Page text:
What is the significance of Lockwoods dream, and the subsequent reaction of Heathcliffe and his character development.

2 Answers | Add Yours

coachingcorner's profile pic

coachingcorner | High School Teacher | (Level 1) Senior Educator

Posted on

In the novel 'Wuthering Heights' by Emily Bronte, the character called Lockwood to whom the story is narrated by the housekeeper, has to spend the night in the creepy gothic house. Whether it is the ghost of Cathy of just his Gothic surroundings that causes the dream is open to debate. My reading of it interpreted the event as extending the theme of restless unfulfilled immortality - in other words a person who has died but is not 'at rest' or 'in heaven.' The 'ghost' or 'soul' has unresolved issues and therefore cannot rest as it tries over and over to work them out. This echoes Heathcliffe's own restlessness and inability to be at peace with himself ever - either when Cathy is alive or when she is dead - or even when  he goes as far as to actually get into her grave.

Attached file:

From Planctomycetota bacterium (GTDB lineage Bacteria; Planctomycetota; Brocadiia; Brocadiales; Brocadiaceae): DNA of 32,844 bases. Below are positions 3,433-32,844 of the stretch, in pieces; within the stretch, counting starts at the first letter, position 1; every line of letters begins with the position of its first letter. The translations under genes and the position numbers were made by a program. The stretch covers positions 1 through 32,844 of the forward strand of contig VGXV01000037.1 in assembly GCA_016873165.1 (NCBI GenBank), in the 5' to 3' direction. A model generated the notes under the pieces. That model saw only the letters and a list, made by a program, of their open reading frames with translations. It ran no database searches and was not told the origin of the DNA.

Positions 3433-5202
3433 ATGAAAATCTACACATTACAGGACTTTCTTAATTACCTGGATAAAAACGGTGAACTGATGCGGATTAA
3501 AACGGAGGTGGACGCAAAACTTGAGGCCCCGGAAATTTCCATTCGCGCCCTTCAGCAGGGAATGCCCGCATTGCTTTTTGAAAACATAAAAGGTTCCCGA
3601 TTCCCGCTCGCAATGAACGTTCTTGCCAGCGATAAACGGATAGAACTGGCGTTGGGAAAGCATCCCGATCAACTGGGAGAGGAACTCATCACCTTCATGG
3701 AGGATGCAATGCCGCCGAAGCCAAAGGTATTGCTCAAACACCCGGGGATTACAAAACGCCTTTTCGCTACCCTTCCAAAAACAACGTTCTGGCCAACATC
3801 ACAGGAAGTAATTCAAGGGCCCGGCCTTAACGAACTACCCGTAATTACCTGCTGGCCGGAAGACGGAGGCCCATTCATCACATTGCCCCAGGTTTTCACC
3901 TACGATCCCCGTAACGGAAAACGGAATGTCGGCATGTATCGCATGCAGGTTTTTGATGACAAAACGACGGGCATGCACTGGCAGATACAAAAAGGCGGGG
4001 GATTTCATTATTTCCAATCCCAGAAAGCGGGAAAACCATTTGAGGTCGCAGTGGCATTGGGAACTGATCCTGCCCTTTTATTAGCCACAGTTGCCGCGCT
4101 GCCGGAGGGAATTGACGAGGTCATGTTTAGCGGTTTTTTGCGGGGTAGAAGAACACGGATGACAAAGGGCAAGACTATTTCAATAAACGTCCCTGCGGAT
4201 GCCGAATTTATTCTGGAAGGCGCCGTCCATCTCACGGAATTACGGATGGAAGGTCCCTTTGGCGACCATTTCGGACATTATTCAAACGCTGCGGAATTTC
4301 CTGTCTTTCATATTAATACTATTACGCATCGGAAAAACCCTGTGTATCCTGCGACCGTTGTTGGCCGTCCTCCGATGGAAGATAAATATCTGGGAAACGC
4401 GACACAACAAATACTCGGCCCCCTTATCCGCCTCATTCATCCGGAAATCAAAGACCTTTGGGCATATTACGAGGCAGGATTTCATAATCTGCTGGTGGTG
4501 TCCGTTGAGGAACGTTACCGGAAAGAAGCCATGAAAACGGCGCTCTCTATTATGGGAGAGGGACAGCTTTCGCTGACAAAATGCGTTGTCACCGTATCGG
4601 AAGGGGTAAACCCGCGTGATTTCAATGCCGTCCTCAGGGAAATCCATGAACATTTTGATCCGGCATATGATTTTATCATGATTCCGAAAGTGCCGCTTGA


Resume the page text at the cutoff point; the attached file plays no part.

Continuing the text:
mkcapen1's profile pic

mkcapen1 | Middle School Teacher | (Level 3) Valedictorian

Posted on

Lockwood dreams invite the idea of the spirit of Catherine as a child into her chambers.  In the story "Wuthering Heights" Catherine has been dead for a while.  However, when Lockwood sleeps in her chambers he wakes to a child's spirit.  The spirit grabs his arm causing him to pull it forward.  He sees the spirit cut her arm on the window glass and the next day there is blood.

The other dream has to do with Lockwood finding Catherine Earnshaw's diary.  He is frightened and when he jumps he knocks over the candle.  While cleaning it up, he comes across her diary.   By finding the diary it seems as if Catherine's spirit is reaching out from the grave.

I do not have my book in front of me, so I am not sure which dream came first, but I believe the second one that I wrote about happened first.

 

We’ve answered 318,944 questions. We can answer yours, too.

Ask a question